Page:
Dr. LeChauncy Woodard, M.D., M.P.H., the director of the community engagement core at HEALTH-RCMI at the University of Houston. Credit: University of Houston

A team of University of Houston students is actively addressing the needs of Houston’s marginalized communities.

Since launching the inaugural HEALTH-RCMI Student Cadre in 2022, these students have dedicated a year to embark on a mission to engage, serve and uplift the Third Ward community. With the guidance of Dr. LeChauncy Woodard, M.D., M.P.H., the director of the community engagement core at HEALTH-RCMI, their approach to community involvement emphasizes listening, cultural humility and long-term sustainability.

Their approach’s cornerstone is actively listening to the community’s needs. The goal is to create solutions that address community needs and can be maintained, avoiding the pitfalls of projects that falter when priorities shift or funding becomes uncertain.

“Rather than the students saying, ‘Well, we have this idea to help the community, let’s go out and do this project,’ we have them actively listening to the community they serve,” she said. “We want to know the needs of our community partners and identify the challenges before implementing strategies for solutions.”

One notable achievement of the Student Cadre has been their partnership with Boynton Chapel Methodist Church under the guidance of Pastor Linda Davis. The students identified a need expressed in the Third Ward: delivering healthy food and COVID-19 supplies to address the issues of food insecurity.

“University of Houston sits within the Third Ward community. The community surrounds us every day,” Woodard said. “We want to be a trusted entity, where our community members partner with us so that we can better respond to the broader health and wellbeing of the community.”

Last year, the student cadre started with four people. Now, it has grown to six.

Woodard said the work is an “iterative process” that takes ongoing engagement to craft a solution-based strategy. During the project at Boynton Chapel Methodist Church, the students realized Davis had regular food pantries. They asked themselves, “Who are the individuals who can’t come to church?” and “How can they be served?”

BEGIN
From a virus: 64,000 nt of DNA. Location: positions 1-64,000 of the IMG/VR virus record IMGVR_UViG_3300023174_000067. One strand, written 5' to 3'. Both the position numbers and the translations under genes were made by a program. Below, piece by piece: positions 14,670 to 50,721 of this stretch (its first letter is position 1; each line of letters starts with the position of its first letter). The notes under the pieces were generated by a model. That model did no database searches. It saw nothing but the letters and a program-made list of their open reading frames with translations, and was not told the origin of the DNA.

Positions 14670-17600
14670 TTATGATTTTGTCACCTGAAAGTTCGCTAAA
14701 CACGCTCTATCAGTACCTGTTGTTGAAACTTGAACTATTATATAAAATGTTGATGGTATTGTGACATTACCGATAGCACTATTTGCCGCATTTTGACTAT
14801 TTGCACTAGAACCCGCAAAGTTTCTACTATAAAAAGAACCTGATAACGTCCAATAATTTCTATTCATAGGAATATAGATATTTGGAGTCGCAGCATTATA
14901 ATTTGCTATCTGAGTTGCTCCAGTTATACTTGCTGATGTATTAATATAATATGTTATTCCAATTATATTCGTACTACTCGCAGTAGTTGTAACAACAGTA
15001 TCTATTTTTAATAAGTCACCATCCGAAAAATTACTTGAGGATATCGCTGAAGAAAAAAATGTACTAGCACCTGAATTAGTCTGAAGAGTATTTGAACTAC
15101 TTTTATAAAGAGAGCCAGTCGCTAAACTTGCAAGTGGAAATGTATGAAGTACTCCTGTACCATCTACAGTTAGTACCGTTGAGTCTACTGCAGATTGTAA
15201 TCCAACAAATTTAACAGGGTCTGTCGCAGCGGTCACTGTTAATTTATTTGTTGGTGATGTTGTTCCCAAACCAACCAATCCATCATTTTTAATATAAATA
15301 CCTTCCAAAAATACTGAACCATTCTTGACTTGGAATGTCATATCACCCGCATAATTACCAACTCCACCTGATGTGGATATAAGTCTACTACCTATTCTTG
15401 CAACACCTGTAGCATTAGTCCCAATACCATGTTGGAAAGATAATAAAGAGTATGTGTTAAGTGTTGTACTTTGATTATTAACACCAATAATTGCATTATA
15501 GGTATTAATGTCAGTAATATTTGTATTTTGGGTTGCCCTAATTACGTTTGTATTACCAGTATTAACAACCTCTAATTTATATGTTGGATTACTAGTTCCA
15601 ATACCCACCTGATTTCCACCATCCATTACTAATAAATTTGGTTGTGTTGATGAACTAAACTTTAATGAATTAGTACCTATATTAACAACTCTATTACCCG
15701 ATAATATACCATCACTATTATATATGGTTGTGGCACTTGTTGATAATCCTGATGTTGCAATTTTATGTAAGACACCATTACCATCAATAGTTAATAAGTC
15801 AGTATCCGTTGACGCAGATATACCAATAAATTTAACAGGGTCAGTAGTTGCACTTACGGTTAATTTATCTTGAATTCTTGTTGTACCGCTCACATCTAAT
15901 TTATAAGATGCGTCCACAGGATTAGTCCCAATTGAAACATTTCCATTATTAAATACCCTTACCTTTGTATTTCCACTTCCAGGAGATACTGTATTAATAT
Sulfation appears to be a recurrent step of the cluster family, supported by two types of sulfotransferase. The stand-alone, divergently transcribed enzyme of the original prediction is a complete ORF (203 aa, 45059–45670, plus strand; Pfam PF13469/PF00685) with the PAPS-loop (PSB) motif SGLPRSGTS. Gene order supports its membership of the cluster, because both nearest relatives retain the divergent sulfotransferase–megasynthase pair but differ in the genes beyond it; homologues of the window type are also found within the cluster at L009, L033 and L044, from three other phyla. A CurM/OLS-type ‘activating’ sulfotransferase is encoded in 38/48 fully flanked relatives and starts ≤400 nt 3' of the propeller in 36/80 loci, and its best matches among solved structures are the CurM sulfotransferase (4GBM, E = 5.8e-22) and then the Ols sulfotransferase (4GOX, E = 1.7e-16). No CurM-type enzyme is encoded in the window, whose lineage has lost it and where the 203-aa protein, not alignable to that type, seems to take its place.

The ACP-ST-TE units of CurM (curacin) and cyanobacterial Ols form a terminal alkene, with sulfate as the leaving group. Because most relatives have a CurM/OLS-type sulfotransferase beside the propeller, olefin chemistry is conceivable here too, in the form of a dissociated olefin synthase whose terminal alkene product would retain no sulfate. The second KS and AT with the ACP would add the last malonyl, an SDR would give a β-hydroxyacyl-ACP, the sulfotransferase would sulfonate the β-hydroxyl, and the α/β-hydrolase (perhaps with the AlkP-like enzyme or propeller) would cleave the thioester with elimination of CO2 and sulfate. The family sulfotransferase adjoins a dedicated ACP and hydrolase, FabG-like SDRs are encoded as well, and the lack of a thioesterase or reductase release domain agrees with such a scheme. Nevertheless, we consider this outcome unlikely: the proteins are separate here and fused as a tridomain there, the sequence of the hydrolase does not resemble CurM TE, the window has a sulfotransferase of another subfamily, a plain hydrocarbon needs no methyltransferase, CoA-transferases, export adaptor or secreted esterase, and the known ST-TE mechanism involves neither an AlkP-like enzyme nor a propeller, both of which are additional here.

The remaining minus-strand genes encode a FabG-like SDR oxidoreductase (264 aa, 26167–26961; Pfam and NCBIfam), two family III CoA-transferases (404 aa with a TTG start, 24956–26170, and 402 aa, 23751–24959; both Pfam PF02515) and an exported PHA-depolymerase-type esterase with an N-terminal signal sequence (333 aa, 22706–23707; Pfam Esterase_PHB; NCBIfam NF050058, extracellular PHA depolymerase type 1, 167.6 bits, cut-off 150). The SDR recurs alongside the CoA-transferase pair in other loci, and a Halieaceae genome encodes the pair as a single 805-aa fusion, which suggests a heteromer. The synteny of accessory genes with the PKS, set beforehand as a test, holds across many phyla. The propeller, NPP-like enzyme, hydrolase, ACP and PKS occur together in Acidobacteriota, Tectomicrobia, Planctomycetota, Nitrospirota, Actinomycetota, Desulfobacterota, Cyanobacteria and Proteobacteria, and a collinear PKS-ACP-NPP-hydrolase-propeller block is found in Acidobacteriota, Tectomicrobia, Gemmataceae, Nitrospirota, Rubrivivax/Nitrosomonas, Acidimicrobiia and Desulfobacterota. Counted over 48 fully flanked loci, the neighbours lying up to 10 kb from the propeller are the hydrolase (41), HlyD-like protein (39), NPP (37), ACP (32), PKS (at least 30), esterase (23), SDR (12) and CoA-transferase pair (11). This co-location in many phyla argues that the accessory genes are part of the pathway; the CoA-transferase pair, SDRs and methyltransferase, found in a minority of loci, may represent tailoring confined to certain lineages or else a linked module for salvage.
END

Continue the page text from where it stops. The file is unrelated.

Woodard said sustainability is a critical consideration for the Student Cadre. They aim to ensure that the benefits they provide continue without interruption.

“We don’t want to provide a resource that is valued and then when we don’t have funding or when our students graduate and move on, that we aren’t able to continue where we left off,” Woodard said. “This is the important part of the trust-building process.”

Woodard’s passion for community collaboration is deeply rooted in her upbringing in Houston’s Acres Homes neighborhood. Her commitment to working with underserved communities is motivated by personal experiences of health disparities in her family. She has witnessed individuals from different communities suffering from treatable conditions at a young age and strives to make a difference in these underserved populations.

“The Acres Homes community is one of the most medically underserved communities in the Houston and Harris County area, so the work I do as a medical professional means so much to me,” she said. “This is a full circle moment that I hope the students will also feel one day in their careers.”

I cover Houston's education system as it relates to the Black community for the Defender as a Report for America corps member. I'm a multimedia journalist and have reported on social, cultural, lifestyle,...